Charley grew up here in the Blue Ridge Mountains on Lake Toxaway where venturing into the backcountry for hiking, camping, and paddling tours with his grandfather was a very common experience. His grandfather, an avid paddler and professional outdoor adventurist, taught Charley a great deal about this region, and how to “plan” for backcountry adventures while remaining a good steward of the land. These early excursions with his grandfather was inevitably the seed that germinated into a great love for the outdoors that is obvious each time you head out into the backcountry with Charley. A graduate of Southwestern Community College with an Associate of Applied Science in Outdoor Leadership, Charley is determined to continue down the path that was set before him so very long ago. His love for teaching and leading groups into the backcountry is indicative of his personal desire to learn more about this regions natural heritage through photography and research. Charley’s knowledge of this areas geography and strong family connections is what gives him a unique perspective of local natural landscapes. His specialties involve paddling rivers and lakes, orienteering, Leave No Trace, backpacking, day hikes and of course, making safety a priority. Charley completed the Outward Bound Northwest Sea Kayaking and Mountain Expedition course in July 2009. This course consisted of an 11 day sea kayaking excursion around the San Juan Islands off the coast of Washington State, and an 11 day mountaineering expedition in the Northern Cascades. Charley’s most recent adventure came as a surprise in the late summer of 2016 when his grandfather invited him on a 16 day, 225 mile paddling adventure down the Colorado River through the Grand Canyon with his buddies who have been paddling together for over 20 years.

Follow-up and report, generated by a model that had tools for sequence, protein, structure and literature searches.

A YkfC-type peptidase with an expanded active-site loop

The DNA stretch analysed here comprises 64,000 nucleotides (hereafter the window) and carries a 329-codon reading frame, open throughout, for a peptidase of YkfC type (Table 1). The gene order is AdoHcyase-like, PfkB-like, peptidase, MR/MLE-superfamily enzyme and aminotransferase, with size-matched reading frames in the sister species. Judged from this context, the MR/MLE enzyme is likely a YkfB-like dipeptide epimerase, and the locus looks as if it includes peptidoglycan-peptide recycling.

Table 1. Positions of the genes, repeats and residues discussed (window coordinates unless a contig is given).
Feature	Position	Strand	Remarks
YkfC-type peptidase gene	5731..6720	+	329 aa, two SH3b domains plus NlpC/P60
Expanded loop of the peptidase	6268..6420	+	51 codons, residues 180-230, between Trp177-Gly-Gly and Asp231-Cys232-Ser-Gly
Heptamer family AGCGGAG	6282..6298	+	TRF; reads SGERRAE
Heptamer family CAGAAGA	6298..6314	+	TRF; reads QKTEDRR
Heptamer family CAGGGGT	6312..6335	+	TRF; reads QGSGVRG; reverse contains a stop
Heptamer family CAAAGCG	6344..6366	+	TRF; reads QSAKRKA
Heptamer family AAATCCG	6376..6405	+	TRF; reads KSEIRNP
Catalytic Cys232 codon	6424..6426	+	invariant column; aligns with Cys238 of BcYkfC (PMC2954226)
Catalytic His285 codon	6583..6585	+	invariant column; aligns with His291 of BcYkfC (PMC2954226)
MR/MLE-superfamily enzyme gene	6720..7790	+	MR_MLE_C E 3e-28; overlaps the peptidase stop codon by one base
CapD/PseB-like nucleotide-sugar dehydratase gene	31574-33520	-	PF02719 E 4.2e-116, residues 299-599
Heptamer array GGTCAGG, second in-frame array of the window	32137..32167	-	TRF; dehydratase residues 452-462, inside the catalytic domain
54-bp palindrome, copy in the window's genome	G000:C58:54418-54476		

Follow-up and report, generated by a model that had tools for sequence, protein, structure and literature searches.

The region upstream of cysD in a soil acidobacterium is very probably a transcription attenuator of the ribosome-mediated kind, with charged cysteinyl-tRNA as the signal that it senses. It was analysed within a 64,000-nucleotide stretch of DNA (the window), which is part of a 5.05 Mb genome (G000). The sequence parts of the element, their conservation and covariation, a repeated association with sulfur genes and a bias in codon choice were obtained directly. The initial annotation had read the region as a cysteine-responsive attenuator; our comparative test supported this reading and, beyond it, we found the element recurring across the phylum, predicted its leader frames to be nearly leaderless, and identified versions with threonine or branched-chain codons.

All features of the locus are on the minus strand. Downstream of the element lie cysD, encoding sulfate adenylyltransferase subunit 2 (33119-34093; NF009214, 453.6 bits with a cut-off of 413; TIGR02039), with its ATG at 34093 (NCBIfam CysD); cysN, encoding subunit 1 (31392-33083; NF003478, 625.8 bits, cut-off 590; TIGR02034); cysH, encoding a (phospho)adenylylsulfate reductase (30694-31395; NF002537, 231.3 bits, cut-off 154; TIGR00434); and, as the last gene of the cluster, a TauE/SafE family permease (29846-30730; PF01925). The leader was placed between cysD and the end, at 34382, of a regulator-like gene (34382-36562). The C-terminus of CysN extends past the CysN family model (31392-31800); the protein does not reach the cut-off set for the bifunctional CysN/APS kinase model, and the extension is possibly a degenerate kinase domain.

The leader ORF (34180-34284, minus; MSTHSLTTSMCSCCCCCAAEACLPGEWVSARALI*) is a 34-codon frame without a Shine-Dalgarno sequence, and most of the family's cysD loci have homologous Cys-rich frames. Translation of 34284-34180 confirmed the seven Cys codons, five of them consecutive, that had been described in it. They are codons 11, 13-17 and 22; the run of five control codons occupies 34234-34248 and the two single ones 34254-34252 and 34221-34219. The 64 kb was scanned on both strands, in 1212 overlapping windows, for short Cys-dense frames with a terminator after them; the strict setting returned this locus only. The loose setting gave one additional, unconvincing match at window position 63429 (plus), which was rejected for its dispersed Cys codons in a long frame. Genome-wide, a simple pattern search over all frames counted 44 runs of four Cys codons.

Naturalist, Lead Guide

E.J. grew up in Randolph County, North Carolina, on the edge of Uwharrie National Forest where he spent a considerable amount of time hiking, camping, and learning about the natural world. He is an Eagle Scout who considers outdoor education to be of the utmost importance, especially in the world of modern technology we live in today. He is a graduate of the University of North Carolina - Chapel Hill (UNC) and holds a Bachelor’s degree in Environmental Studies from the UNC Institute for the Environment. His undergraduate studies focused on ecological, biological, and earth sciences. While attending UNC he spent time living and studying at the Highlands Biological Station (HBS) in Highlands, NC, where he studied mountain biodiversity and conservation. His research at HBS consisted of mapping the densities and distribution of an invasive freshwater clam species in the Little Tennessee, Tuckasegee, and Pigeon River watersheds as well as quantitative comparisons of stream health within the Tuckasegee watershed. During this time, he began to pursue an interest in fungi and nature photography. His significant knowledge of fungi in Western North Carolina has led him to educate others about this often unseen world around us. His nature photography has been featured by WUNC ( and other works can be found on his Instagram account @shroomiej. E.J. worked for the North Carolina Division of Parks and Recreation for over 2 years. First at Eno River State Park in Durham, NC, and most recently as a Park Ranger in the temperate rainforests of Gorges State Park in Sapphire, NC. He is Basic Life Support (CPR AED) by the American Heart Association. During his time with NC State Parks he worked to educate the public concerning natural resource management and protection. He wholeheartedly believes in the importance of environmental education as our global society looks to focus on the stewardship of the Earth into the future.